"For since the creation of the world His invisible attributes are clearly seen, being understood by the things that are made, even His eternal power and Godhead..." Romans 1:20

Saturday, March 24, 2012

Masks Part II

Donald C. Johnson writes in 1986 of visiting Pendle Hill in England where George Fox, whose revelation led to the founding of the Quaker movement (Religious Society of Friends), was said to have had his spiritual experience.  

He said other pilgrims to the site had left a stone on the increasingly growing pile of rocks to show they had been there.  A few years ago Ken and I visited Walden Pond where Henry David Thoreau spent two years in a cabin contemplating life.  We found such a pile of rocks there and left our own:

It was a moving experience to walk around the lake and imagine Thoreau's time there.  Donald Johnson said of his experience at Pendle Hill, "Within the quiet, peace-filled mist on top of the hill, I began to feel a sense of connectiveness [sic] with those who had traveled up the hill before me and with those who would be in the future...In the solitude of our hearts each of us, wherever we are, has the opportunity to experience the gift of feeling connected with one another...."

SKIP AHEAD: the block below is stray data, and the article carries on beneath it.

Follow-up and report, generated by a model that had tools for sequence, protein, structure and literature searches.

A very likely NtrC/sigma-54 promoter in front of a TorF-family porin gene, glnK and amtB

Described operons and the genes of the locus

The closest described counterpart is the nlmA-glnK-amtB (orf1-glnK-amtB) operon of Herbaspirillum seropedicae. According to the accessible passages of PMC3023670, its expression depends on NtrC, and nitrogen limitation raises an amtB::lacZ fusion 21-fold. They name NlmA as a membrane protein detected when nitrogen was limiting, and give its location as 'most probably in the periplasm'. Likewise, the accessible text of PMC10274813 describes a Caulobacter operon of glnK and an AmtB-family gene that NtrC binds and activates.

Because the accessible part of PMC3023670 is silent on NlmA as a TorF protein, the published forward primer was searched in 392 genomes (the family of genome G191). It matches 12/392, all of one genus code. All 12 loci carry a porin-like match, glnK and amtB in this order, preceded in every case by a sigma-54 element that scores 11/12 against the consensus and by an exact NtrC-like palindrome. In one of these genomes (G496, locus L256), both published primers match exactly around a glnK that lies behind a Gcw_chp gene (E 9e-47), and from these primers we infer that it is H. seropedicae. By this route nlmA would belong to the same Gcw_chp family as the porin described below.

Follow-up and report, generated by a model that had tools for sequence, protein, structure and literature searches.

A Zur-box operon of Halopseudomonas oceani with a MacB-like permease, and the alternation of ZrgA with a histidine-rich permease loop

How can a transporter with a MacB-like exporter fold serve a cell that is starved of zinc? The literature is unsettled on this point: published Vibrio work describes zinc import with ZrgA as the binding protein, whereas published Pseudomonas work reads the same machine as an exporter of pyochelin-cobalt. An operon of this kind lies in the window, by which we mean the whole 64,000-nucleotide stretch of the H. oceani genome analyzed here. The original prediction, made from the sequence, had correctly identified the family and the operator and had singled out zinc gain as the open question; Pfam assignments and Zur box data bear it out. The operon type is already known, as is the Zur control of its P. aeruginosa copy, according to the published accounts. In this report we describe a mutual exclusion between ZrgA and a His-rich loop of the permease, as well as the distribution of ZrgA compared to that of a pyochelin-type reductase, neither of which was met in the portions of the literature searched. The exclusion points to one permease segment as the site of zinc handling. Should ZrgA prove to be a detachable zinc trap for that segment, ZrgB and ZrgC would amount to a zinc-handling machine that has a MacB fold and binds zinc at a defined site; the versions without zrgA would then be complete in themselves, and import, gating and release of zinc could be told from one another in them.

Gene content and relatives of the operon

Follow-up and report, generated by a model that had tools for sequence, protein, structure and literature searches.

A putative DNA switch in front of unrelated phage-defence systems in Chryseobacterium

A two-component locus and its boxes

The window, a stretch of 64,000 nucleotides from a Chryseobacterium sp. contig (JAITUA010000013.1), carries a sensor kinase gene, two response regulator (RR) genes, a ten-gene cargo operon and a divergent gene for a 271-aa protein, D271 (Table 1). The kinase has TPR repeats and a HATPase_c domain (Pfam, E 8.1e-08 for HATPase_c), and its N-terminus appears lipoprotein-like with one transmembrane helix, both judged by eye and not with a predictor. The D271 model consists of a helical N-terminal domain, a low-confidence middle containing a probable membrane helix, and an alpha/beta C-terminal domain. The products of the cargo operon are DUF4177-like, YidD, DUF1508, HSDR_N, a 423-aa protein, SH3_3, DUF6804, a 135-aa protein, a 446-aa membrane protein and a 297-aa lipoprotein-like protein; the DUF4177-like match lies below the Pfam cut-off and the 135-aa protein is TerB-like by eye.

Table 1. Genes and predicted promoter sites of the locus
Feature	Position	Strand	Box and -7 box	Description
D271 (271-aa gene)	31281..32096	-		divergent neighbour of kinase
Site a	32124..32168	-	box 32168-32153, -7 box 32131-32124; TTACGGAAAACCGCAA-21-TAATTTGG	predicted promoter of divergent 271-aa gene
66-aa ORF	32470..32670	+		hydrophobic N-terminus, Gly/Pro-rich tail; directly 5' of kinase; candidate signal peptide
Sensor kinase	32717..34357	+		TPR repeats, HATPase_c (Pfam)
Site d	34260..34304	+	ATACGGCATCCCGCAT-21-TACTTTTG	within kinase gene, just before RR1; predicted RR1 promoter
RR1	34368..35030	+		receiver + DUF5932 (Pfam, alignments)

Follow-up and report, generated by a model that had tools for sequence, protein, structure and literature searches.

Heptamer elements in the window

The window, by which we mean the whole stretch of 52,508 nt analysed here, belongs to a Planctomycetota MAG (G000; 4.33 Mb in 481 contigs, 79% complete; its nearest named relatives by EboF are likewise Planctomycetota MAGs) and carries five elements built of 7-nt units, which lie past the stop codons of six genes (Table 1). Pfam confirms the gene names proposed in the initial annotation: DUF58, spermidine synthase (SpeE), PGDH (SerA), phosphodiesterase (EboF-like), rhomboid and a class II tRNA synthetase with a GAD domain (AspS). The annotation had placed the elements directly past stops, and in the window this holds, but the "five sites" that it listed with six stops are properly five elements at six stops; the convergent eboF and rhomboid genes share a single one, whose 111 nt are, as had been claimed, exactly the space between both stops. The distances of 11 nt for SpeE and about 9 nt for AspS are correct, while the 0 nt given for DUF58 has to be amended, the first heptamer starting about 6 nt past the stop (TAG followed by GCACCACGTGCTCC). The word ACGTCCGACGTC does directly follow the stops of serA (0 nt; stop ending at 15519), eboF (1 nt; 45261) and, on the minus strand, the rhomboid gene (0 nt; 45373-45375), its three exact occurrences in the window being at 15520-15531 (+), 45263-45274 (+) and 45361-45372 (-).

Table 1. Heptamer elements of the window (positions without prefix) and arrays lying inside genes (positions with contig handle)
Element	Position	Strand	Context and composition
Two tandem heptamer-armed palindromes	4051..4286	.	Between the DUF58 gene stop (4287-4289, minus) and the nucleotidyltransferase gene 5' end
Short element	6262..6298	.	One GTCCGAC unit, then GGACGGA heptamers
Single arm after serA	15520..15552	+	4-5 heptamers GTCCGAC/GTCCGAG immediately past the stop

Pendle Hill in the mist

I have been other places and seen little piles of rocks--beaches, overlooks off hiking trails....It seems we humans crave connectedness  yet we tend to perpetuate a lifestyle and ideology that precludes it.  Why is this?  Perhaps it's because, as Marianne Williamson says in "A Return to Love":  "People who have the most to teach us are often the ones who reflect back to us the limits to our own capacity to love..."  We crave connectedness but we're afraid to face our own inadequacies so we just don't "go there".  

Is that why Adam and Eve disobeyed God when confronted with the choice to gain the knowledge that the Tree of Life offered?  Did they feel inadequate and wanted to be like God even though they had everything they needed?  No wonder God says in order to come to Him we must humble ourselves. This, then, is the key to life.  Thoreau thought to find it through living simply.  That is a part of humility--to not live beyond your means and to get your priorities straight.  For George Fox it meant loving even his enemies which meant he could not take up arms against them.  What would humility look like in your life?  What would have to change?

Father, may I look into my own heart and see what keeps me from seeking true humility--what stands in the way of my being able to connect completely with You and with others.

Link to scripture: http://niv.scripturetext.com/colossians/3-12.htm

Take action: The Art of Pilgrimage

1 comment:

  1. Beautiful entry. I love your prayer. Thank you.

    May God bless us all with humility.